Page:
I found one weekend where we could squeeze it in. True, there was no comedy performance to offset the cost of Vail (arguably one of the most expensive vacation destinations in the United States, even when it isn’t snowing). And true, our finances were a little tight since my summer is typically the slowest time of the year. But that seemed trivial for a kid who missed out on horseback riding and whitewater rafting and for a dad who missed out on quality time with his daughter. I thought about postponing the trip another year since it seemed I was slamming this one together in an effort to beat the school deadline. But who knows what next year could bring? Natalie could end up on a (dreaded) traveling All Star softball team. Her Dad could be offered a tour opening for a musical act. Worse yet, Dad might be considered a dork by his daughter and not someone to spend FOUR WHOLE DAYS WITH. WITH NO IPOD!
So I am relishing my second chance. As I finish this essay, Natalie is awake, sitting next to me in bed, and polishing off room service pancakes.
Damn, that kid can eat.

Friday, July 28, 2006

Is lunch ready? Hot dog!

I don’t consider myself a jock by any means but I’m a firm believer in sports participation. I work out actively at my health club, play tennis, golf and am willing to try just about anything that doesn’t involve heights, the possibility of drowning or getting large objects thrown at me (read: Dodgeball). More important, I encourage my kids to actively participate in athletic pursuits, also known as “sports.”
However, after flipping on ESPN this past weekend, I may point them towards learning a musical instrument, drama, the chess team or some non-athletic pursuit.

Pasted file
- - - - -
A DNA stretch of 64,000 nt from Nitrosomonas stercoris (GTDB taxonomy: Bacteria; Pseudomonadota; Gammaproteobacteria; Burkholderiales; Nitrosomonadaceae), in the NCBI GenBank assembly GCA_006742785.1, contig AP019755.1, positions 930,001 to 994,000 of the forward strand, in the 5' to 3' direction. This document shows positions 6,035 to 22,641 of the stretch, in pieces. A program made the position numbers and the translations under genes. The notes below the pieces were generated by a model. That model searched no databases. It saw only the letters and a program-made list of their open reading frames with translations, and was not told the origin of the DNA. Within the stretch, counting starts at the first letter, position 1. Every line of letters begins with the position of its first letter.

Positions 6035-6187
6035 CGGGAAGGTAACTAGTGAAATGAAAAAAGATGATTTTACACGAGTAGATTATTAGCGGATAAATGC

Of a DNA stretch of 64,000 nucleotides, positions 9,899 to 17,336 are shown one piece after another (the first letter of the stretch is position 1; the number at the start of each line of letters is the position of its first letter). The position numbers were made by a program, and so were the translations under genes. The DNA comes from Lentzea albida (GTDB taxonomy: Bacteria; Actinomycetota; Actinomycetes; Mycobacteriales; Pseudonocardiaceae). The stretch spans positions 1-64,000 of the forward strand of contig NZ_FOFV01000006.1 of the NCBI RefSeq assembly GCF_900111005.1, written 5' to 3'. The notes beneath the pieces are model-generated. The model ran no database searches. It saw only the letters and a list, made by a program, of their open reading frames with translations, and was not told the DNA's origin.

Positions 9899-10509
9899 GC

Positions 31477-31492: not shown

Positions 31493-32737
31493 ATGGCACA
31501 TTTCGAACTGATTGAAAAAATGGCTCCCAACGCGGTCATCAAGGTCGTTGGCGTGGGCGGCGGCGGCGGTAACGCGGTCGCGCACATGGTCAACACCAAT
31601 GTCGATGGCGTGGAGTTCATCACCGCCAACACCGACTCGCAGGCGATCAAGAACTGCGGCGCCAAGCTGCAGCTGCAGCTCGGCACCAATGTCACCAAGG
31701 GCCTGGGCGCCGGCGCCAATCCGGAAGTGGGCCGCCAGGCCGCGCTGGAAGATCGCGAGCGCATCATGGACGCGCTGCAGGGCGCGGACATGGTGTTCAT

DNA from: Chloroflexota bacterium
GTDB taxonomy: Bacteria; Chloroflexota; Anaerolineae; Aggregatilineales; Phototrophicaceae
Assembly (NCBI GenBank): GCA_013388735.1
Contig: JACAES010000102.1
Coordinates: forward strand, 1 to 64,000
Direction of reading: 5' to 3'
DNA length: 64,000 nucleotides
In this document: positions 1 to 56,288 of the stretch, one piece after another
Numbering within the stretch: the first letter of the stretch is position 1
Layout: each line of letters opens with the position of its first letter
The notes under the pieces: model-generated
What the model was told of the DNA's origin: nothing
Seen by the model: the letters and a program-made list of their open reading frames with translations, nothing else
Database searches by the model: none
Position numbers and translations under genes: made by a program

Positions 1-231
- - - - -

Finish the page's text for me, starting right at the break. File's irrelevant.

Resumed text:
The reason for my sudden repulsion with “sports” is that ESPN, the 24-hour SPORTS network, was televising the World Hot Dog Eating Championships from Coney Island, New York. The rules are simple: eat the most number of hot dogs in 12 minutes and you win. There are cash prizes awarded which, I’m sure, are used to pay medical premiums.
By the way, I was watching a rebroadcast of the event. Apparently this was such a riveting spectacle that ESPN was showing it again. The Super Bowl, the world’s most watched event period, is only shown once. But throwing hot dogs into the mix and is worth multiple viewings in the eyes of cable executives.
I had heard of these people who dub themselves “professional eaters” and even saw the reigning hot dog champion, a meek looking, Japanese punk rocker type named Takeru Kobayashi, appear in an ESPN commercial. Wearing a headband and looking remarkably similar to that kid who stood in front of a tank during the Beijing uprisings o a few years back, Kobayashi eats three hot dogs in the network cafeteria while one of ESPN’s plastic, perfectly-coiffed anchors looks on bewildered. The commercial was funny but I still find the whole idea of competitive eating repulsive, particularly in light of the horrible famine problem that persists in our world. Millions of people in Ethiopia and the Sudan desperately need food; what they DO NOT need is cable for they should never be forced to watch this sordid excess of gluttony.